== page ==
Monday, 21 January 2008

The great British salad


Okay, the connection between the following and Hopper's Nighthawks is tenuous at best but I like the picture and an internet search for a picture of a naff salad proved (I suppose unsurprisingly) - um - fruitless.A few years ago a book by John Lanchester - The Debt to Pleasure - was a surprise success; it was basically about food and is described by amazon as 'part cookbook, part thriller, part eccentric philosophical treatise'. Anyway, he has a section on salads and quotes a Victorian traveller, a Captain Ford, as saying 'the salad is the glory of every French dinner and the disgrace of most in England'.
Now isn't that so true? You may know the great British salad: shredded iceberg lettuce, sliced cucumber, slivers of tomato and, if you are 'lucky' for some bizarre reason radishes (don't ask me why radishes) sometimes figure. These items (excluding the lettuce) are sliced so thinly they bring to mind the scene in Goodfellas where Henry Hill and his pals are in prison but manage to acquire a razor blade to slice the garlic for their feasts as finely as possible. The great British salad of course has not a hint of dressing and is dry and as bland as can be imagined. This monstrosity is usually, but not invariably, peddled in catering establishments. I was presented with one in a certain Crown Court last Friday. I asked hopefully if they had any salad dressing. After a blank look a sachet of salad cream was produced.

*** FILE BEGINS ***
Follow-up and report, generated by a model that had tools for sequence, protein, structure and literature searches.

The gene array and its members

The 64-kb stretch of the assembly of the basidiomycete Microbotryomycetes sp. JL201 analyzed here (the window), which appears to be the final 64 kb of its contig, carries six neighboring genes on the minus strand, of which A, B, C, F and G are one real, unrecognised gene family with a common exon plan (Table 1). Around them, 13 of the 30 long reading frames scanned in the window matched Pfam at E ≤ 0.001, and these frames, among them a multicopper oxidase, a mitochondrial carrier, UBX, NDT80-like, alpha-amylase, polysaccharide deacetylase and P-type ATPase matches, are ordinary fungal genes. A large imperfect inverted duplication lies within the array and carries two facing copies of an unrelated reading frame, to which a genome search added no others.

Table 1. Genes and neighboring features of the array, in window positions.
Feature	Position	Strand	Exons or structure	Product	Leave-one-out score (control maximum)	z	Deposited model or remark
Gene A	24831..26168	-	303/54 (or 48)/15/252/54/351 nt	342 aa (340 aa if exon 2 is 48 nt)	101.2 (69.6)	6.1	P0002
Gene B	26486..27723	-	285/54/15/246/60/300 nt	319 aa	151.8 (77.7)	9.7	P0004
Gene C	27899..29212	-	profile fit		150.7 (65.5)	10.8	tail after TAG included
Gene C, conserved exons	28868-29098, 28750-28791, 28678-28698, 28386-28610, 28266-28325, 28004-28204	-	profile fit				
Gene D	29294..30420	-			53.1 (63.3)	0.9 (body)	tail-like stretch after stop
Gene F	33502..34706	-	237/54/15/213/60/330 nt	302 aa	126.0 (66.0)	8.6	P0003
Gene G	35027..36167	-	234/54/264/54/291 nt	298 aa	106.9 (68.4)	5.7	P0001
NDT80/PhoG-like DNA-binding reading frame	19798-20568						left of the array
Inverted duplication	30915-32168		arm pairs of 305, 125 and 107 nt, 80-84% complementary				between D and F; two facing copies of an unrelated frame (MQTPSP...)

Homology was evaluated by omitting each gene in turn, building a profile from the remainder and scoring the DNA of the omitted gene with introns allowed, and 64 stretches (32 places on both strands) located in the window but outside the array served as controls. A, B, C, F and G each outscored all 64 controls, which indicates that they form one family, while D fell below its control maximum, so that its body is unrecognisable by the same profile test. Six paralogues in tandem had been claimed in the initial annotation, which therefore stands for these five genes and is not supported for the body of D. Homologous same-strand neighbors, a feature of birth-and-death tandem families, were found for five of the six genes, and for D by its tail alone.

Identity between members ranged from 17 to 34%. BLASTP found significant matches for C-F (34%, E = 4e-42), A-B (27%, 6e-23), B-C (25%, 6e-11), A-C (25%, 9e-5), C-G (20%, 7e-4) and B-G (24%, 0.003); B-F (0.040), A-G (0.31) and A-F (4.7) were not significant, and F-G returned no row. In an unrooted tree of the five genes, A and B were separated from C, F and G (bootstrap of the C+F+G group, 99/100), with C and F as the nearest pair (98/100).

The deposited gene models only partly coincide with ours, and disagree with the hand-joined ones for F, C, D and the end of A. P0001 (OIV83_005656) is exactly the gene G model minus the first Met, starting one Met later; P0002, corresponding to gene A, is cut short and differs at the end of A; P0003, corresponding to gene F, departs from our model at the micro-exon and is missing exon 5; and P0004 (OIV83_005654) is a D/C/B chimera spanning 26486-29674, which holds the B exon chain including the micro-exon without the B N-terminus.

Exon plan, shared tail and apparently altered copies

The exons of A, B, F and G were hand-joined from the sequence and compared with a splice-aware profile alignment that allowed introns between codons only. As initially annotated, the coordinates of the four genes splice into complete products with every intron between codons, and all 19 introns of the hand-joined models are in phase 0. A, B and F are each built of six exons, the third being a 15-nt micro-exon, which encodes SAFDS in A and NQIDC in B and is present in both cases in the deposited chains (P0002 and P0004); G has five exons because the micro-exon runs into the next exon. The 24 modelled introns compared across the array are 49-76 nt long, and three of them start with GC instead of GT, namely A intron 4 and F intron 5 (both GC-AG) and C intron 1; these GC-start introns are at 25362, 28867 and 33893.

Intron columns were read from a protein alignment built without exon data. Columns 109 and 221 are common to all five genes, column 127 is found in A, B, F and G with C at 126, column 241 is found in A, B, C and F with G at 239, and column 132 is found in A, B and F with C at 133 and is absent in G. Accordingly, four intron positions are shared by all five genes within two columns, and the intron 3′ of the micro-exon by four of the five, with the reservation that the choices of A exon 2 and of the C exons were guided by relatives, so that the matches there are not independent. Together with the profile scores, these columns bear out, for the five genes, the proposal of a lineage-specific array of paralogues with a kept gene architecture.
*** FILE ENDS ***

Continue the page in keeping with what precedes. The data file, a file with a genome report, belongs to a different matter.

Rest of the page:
THE GREAT BRITISH SALAD IS LOATHSOME AND SHOULD BE ABOLISHED FORTHWITH!
Insist on decent salads!!! Ones with beds of rocket or herb leaves, with interesting tomatoes, with diced sweet peppers, with spring onions, with celery, with diced avocado, above all with thick splodgings of dressing - vinaigrette, balsamic, honey and vinegar, whatever!
Rise up!!! You have nothing to lose but a pile of sachets of salad cream in an old box somewhere!!!

15 comments:

Charon QC said...

Enjoyed your blog - have added to my blogroll.

Law Minx said...